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POSTCARDS: "Solace," Garnet Henderson's Dance Made in and for Inwood Hill Park

POSTCARDS: "Solace," Garnet Henderson's Dance Made in and for Inwood Hill Park

By Garnet Henderson

Published on June 17, 2022
Garnet Henderson's SOLACE in Inwood Hill Park

Bringing Dance Out of the Theater and into the Community

SOLACE is happening on Saturday, June 18, 2022 at 2pm  & Sunday, June 26, 2022 2pm

Inwood Hill Park: Enter near 218th St and Indian Road, or meet the group anywhere in the performance area shown here

I live down the street from a hospital. It’s a small community hospital, one that doesn’t typically get a lot of emergency traffic. But in the early days of the pandemic, like every hospital in the city, it was full of COVID patients, and there was another temporary field hospital set up next door. The soundtrack of those spring months in my neighborhood was a constant scream of sirens. It was terrifying. I live alone and was afraid of getting sick with no one to care for me. I wondered if I would end up in one of those ambulances—or if I’d even make it that far, with no one else there to call for help.

the back of a dancer as she sits on a bench admiring the green trees of Inwood Hill Park
Garnet Henderson's SOLACE in Inwood Hill Park; photo courtesy of the choreographer

My refuge during this time was the outdoors, specifically Inwood Hill Park. Home to the last natural forest and salt marsh in Manhattan, Inwood Hill Park is big enough, and wild enough, to get a little lost in. But the other beautiful thing about it is that it’s such a treasured community hub; you might turn down a narrow path you’ve never walked before, and walk alone for a while, but eventually, you’ll always find a neighbor. I always loved this park, but suddenly I had time to explore all the paths I’d wanted to hike and never had before. Gradually, I memorized the web of trails. I cherished the moments of quiet and peace I found alone, deep in the trees where I could only hear the breeze and the birdsong. And I also cherished the opportunity to connect with neighbors and friends in a way that felt safe. The park was my lifeline.

a torso view of a  company of women led by Garnet Henderson dancing in the park with their arms waving above them
Garnet Henderson's SOLACE in Inwood Hill Park; Photo Courtesy of the Choreographer

On many of my long walks, I also danced. Dance spaces across the city were still shut down, and I was missing my usual studio time. Outdoors, I found a freedom and expansiveness in my movement that I don’t always feel. I also found moments of joy when that sensation was hard to come by. So when I began thinking about making my first full-length work, I knew I wanted to capture that feeling of expansiveness, and celebrate the park that has helped me survive the pandemic. I normally find it difficult to choose titles, but for this work a title came to me instantly: SOLACE.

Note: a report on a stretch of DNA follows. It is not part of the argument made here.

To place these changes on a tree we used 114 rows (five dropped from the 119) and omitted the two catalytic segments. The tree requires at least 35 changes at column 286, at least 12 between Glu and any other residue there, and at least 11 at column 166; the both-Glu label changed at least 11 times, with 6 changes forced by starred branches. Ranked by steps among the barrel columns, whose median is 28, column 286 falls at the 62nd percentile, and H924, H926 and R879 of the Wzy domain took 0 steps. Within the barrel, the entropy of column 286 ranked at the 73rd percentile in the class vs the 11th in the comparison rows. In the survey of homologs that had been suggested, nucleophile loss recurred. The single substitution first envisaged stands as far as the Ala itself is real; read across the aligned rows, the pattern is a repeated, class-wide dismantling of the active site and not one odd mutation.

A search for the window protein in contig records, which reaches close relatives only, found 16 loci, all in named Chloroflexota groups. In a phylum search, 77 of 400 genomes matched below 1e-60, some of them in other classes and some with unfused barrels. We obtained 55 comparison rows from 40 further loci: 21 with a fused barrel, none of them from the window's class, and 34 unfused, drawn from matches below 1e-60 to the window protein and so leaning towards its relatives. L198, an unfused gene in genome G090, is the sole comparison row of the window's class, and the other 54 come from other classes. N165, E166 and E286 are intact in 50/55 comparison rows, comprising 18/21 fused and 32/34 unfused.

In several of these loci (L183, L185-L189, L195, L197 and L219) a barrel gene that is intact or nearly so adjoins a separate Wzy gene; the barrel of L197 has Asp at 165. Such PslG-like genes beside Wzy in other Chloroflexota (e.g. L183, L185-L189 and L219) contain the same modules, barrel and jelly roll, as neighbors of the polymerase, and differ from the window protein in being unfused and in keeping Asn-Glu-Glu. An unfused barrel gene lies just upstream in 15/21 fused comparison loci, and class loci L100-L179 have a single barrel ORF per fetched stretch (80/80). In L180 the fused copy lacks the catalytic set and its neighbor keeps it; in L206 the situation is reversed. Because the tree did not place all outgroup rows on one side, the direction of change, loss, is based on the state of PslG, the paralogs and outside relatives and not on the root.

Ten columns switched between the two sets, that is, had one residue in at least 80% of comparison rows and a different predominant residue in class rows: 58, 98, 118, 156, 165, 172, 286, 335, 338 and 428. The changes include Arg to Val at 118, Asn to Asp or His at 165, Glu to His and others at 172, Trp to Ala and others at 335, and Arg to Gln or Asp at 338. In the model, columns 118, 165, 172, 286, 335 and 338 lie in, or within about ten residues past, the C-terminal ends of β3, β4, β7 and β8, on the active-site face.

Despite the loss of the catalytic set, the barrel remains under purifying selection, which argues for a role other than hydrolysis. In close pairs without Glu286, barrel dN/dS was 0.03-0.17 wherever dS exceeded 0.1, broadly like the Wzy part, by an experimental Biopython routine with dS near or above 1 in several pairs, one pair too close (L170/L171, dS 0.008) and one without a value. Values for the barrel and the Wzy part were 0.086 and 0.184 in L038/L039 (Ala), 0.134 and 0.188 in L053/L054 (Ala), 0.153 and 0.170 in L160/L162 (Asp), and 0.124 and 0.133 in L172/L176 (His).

a profie full body view of Garnet Henderson dancing in the park , arms extended out to her sides standing in a wide leg positon in releve
Garnet Henderson's SOLACE in Inwood Hill Park; Photo Courtesy of the Choreographer

SOLACE was truly made in and for Inwood Hill Park; we’ve had every rehearsal there except for one, when a rainy day forced us inside. This means that every rehearsal has essentially been an open rehearsal. We’ve danced around soccer games, dodged bicyclists, guarded our snacks from squirrels, and watched the park turn from barren brown to lush spring green. This is exactly what I wanted: to bring dance out of the theater and into the community. I don’t want to make dances that are only seen by other dancers. I want to dance for my friends and neighbors.

three women dancing in a line on one of Inwood Hill Park's many paths
Garnet Henderson's SOLACE in Inwood Hill Park; Photo Courtesy of the Choreographer

SOLACE is performed without music. We dance, instead, to the soundscape of the park, whatever that happens to be when we are there. We dance around whatever else is happening, and whoever else is enjoying the park. The dance is never exactly the same twice.

This is the first time I’ve made a dance other than a solo since 2019. It’s the largest cast I’ve worked with in many years, thanks in large part to the UMEZ Mertz Gilmore Seed Fund for Dance. I’m lucky to be joined by dancers Vanessa Knouse, Melanie Munoz, Jessica Ziegler, and Kelsey Gibbs. I appreciate their willingness to be spontaneous and adaptable, and their patience with me as I remember how to be a choreographer after what feels like a long interruption.


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